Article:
This feature is a significant advantage for fleet managers, as they will often have a mixture of different models and asset ages in their fleet. On top of that, engine rebuilds and replacements over the vehicle’s life can mean that engines may require newer generations of oil compared with the manufacturing specification.

API’s backward compatibility means that a single type of oil will meet the needs of older and newer engines, which reduces inventory complexity and the risk of errors.

PC-11, the API’s most recent specification, has introduced a new wrinkle. This product category was split in two, with CK-4 being introduced alongside FA-4.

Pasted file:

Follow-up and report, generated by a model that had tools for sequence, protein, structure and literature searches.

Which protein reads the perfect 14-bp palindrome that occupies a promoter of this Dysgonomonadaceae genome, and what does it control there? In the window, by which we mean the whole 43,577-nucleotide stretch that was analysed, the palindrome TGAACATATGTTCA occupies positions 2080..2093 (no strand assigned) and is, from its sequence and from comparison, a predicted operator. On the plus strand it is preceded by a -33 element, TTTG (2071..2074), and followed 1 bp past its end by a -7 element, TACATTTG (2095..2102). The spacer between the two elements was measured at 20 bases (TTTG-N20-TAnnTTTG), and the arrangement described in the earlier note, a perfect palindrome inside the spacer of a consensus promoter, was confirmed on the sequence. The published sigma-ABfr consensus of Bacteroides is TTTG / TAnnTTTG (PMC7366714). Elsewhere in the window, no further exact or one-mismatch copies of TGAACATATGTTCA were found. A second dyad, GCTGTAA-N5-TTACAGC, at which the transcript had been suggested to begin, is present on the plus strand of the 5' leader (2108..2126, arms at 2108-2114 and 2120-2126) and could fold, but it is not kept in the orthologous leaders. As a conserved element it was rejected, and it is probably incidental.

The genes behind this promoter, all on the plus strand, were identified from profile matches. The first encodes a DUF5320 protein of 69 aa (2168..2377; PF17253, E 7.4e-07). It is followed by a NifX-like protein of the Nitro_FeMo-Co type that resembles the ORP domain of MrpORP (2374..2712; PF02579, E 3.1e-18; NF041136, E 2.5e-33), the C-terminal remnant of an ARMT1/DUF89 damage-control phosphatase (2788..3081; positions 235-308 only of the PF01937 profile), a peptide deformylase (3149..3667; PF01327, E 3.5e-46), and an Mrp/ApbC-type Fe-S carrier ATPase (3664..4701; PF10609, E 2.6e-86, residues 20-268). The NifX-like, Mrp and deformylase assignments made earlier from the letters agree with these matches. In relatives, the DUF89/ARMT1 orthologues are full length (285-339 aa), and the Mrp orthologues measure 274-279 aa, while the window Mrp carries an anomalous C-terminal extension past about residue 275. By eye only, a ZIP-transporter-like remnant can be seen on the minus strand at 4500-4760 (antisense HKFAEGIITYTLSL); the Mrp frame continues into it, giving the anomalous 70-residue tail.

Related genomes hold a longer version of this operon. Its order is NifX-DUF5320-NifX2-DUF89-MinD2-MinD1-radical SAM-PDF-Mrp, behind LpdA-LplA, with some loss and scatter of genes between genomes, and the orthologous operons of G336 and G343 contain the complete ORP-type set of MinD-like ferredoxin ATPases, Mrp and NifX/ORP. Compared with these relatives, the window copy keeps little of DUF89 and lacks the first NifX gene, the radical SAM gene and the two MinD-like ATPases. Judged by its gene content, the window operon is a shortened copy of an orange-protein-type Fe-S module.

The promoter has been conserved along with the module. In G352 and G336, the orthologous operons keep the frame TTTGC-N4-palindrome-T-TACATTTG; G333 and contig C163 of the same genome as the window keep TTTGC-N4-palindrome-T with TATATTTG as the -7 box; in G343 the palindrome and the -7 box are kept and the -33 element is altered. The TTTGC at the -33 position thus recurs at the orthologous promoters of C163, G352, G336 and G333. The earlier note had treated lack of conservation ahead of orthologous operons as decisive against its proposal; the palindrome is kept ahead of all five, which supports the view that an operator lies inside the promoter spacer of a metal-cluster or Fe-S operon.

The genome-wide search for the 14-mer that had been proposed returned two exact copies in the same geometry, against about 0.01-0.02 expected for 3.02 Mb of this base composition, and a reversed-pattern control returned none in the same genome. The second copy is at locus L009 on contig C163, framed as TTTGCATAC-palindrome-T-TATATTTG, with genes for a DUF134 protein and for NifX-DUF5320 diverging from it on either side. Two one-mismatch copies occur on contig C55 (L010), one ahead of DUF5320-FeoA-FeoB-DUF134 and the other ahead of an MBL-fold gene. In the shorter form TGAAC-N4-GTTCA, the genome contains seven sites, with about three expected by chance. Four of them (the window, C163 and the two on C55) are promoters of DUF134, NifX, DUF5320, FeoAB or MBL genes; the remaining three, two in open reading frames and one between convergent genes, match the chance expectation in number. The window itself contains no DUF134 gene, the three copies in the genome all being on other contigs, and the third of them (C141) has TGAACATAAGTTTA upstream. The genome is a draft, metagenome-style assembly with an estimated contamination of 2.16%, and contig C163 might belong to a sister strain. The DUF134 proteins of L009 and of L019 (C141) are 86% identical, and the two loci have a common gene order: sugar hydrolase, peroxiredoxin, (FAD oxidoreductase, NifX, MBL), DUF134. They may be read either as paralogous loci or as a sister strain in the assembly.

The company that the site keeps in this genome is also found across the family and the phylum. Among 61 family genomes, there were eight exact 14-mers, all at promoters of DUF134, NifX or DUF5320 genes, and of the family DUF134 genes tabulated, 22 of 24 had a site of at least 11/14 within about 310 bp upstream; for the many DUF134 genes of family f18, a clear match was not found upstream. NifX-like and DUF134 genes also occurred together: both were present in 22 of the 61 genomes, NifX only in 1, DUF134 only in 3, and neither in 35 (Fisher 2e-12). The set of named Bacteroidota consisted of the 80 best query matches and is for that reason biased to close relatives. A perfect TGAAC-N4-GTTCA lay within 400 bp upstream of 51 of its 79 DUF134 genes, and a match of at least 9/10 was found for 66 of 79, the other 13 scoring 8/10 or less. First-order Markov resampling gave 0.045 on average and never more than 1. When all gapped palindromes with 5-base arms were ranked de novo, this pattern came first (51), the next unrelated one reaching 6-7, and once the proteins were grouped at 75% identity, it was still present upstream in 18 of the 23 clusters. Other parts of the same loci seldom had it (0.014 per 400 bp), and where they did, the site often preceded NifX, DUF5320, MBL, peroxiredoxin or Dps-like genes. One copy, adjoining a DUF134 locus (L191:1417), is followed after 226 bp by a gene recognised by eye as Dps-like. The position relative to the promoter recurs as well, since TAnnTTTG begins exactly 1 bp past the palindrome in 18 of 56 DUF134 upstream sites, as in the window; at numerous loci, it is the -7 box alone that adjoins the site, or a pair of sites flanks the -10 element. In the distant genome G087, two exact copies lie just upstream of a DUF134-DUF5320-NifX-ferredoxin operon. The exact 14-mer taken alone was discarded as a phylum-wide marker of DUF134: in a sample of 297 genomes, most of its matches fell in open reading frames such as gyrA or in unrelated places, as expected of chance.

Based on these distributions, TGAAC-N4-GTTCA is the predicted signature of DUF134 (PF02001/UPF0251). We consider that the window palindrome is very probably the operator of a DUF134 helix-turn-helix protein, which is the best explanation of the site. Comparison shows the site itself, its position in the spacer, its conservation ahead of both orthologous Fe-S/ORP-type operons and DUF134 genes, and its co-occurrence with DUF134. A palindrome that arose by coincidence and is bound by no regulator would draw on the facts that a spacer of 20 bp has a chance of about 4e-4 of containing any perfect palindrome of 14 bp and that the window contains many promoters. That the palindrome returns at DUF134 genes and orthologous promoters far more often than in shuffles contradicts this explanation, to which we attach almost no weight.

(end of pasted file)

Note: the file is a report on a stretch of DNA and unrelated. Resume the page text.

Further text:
While CK-4 retained the backward compatibility that has become synonymous with API’s commercial engine oil categories, the FA-4 specification is designed with a fuel economy objective.

This category’s lower HTHS and bulk viscosities make it incompatible with the oil specification that preceded it – meaning that fleets likely need to retain a mix of different oil specs unless the entire fleet comprises exclusively 2016 or later engine models.

ACEA – Complicating Things

Regarding ACEA (European Automobile Manufacturers’ Association) E-category diesel engine oils, the situation with backward compatibility differs somewhat from the API approach.

The ACEA specifications are designed to address the specific needs of European engines, often different from those manufactured in the US.

In the ACEA E sequence for heavy-duty engine oils, backward compatibility is not guaranteed. For example, E6 oil may not be suitable for an engine that requires E4 or E7. Each E category is tailored for specific engine technologies and exhaust treatment systems.